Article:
NEW YORK — In 1980, Sire Records released the self-titled debut by the Pretenders, a band that blended everything from punk to reggae and rhythm and blues. Over the next 25 years, its members changed constantly — twice because of tragic deaths — but the legendary frontwoman, Chrissie Hynde, remained. A former waitress from Akron, Ohio, she has a voice as silky as molasses and the ability to write a song as tough as nails. Today, Warner Bros. is releasing the group’s five-CD box set, “Pirate Radio.”

WWD: How do you see the current state of music?

C.H.: I haven’t paid much attention. But it’s always the same. If there’s two guitars, bass and drums, and the right spirit, it’s rock ‘n’ roll.

WWD: Yet in Rosanna Arquette’s documentary, “All We Are Saying,” you say that rock ‘n’ roll died when stylists came along. What did you mean by this?

C.H.: Once MTV came in there, it became all about the way you looked. It became advertising. If you stuck your tits out furthest, you got heavy rotation. Well, good luck to ’em. But it wasn’t rock.

WWD: But as a musician, don’t you feel some sense of responsibility or need to be hearing, to be inspired?

C.H.: Not at all. I don’t feel a responsibility to anything. I don’t even really feel like a musician.

WWD: What do you think of yourself as?

C.H.: I don’t know. Just me. Someone who got lucky. I don’t have to go to work. I’m not waitressing. I can tour if I want. I can make records if I want. But there’s a big sacrifice to being that guy all the time. It means having no private life, no personal life. I don’t think, “My life is my music.” My music’s a hobby and my life is my life. I don’t want to be part of Grammy culture. It’s tricky, because on one hand, if good artists got nominated and won, it would help them. On the other hand, this whole system is working against them. So do you perpetuate it or pull the plug? I think we should pull the plug on it. Boycott it.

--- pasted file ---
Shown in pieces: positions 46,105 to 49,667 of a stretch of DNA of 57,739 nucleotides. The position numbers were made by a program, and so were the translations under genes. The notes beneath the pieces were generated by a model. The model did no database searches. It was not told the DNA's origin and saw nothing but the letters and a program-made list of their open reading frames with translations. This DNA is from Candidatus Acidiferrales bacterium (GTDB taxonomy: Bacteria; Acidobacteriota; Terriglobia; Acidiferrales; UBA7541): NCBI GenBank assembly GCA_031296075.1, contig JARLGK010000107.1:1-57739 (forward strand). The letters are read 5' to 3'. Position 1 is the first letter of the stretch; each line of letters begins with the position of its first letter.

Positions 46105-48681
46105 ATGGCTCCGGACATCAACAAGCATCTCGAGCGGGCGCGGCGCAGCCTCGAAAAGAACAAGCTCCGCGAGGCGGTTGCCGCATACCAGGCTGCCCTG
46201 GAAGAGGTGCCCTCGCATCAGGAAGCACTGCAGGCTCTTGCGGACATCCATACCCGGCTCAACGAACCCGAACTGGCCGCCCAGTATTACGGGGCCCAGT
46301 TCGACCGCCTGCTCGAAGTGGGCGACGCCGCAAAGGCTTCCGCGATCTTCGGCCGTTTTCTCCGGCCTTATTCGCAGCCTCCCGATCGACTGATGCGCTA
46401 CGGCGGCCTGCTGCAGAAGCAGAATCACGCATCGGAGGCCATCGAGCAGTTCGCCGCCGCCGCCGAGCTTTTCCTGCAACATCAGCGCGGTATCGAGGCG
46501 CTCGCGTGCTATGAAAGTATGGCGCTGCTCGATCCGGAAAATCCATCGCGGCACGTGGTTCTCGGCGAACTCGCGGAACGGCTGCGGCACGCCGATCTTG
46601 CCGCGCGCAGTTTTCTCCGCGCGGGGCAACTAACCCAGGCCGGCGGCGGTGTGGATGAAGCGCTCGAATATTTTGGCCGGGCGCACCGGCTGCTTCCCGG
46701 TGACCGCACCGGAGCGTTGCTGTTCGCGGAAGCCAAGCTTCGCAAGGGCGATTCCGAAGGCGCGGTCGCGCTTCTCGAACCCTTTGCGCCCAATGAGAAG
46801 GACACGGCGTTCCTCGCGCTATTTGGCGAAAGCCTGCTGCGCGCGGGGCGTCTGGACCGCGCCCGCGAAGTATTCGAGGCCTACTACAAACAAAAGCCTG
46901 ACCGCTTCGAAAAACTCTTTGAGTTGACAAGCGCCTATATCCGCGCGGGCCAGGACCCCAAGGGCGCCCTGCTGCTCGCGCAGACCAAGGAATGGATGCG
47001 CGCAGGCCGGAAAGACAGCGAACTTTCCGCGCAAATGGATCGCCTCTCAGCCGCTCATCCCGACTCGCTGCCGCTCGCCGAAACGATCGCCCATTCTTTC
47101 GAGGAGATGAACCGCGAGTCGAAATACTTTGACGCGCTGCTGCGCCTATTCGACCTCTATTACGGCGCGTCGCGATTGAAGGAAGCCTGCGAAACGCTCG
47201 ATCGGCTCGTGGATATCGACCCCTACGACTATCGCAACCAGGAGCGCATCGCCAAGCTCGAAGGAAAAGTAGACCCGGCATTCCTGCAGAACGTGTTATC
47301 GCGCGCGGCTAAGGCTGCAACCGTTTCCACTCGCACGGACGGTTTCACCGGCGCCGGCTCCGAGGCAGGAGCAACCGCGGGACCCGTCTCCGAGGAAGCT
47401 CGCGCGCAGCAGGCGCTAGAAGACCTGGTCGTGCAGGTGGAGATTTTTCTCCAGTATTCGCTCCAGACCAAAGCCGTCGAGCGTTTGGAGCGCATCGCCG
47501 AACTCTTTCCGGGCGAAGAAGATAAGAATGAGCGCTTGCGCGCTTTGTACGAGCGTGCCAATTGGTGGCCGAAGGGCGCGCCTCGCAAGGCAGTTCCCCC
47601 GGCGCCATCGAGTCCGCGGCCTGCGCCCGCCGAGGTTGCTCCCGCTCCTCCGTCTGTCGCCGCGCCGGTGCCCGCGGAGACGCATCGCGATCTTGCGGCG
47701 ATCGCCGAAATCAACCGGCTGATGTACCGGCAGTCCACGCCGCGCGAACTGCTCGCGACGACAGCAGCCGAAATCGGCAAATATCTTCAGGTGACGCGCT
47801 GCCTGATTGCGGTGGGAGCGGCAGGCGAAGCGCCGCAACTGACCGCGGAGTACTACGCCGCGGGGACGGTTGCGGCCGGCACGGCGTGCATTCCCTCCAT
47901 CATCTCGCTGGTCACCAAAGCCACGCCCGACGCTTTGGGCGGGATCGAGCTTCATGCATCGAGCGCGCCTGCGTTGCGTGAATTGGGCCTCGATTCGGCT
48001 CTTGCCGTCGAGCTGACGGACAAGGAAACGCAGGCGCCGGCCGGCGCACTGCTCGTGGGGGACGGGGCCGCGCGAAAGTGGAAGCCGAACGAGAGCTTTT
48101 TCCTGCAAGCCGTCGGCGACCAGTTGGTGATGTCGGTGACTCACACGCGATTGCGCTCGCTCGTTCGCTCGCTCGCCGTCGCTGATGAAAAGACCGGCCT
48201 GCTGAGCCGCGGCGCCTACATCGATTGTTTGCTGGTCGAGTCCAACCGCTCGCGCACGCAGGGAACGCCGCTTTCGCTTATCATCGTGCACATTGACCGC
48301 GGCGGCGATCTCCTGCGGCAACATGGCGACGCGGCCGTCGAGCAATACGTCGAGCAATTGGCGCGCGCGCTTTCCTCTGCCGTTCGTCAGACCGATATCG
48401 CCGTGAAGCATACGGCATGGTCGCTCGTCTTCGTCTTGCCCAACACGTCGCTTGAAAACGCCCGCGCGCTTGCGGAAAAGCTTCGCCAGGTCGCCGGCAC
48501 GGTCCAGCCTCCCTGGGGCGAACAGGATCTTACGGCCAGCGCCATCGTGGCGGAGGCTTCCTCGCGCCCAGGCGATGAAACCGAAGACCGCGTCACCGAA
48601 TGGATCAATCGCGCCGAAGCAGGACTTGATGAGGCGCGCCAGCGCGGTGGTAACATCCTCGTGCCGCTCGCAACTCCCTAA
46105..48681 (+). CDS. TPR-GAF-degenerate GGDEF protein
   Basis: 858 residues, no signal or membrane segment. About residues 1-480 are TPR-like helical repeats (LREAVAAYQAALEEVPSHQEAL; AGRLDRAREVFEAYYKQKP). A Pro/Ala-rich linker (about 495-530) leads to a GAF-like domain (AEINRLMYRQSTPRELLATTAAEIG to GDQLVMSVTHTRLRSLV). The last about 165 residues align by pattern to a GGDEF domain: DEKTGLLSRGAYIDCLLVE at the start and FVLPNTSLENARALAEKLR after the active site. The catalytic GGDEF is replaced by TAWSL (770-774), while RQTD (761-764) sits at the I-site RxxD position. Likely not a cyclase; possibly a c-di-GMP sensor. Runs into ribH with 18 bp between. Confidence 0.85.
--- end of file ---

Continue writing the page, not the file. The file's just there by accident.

This story first appeared in the March 14, 2006 issue of WWD.  Subscribe Today.

WWD: Do you see Madonna as being the beginning of the end?

C.H.: I’m not going to talk about that.

WWD: But it seems to be what you’re implying. When you were talking about who could stick her tits out furthest, who else could you have been referring to?

C.H.: I’m a rock person. I don’t really understand disco. I’m not a fashion person. So I don’t want to comment. So let me just say point blank: I f—ing hate all of them. And then these other artists who say, “I want to be the biggest band in the world, and play the biggest stadiums.” Well, you can also go f— yourselves. Hanging out with politicians. Get a grip. Get in a club and do what you do and shut it. I don’t want to play for the people who run the government. Why does it have to be mainstream?

WWD: Tell me about your current involvement with PETA? Do you still consider yourself an animal rights activist?

C.H.: Yeah, I do. I didn’t go to their last gala, but it’s like a volunteer army. You live your life everyday that way, and when the time comes for you to go out on the front line, you go.

WWD: Are there other causes you’re passionate about?

C.H.: Not particularly. I’m just trying to implement what I can to be a decent human being.

WWD: But you got involved with this one.

C.H.: Yes, because I’ve got the celebrity thing and if I’ve got it I might as well use it for something I enjoy. And what’s better than to f— up multinational corporations? The only thing better than that is to play guitar in a rock band.

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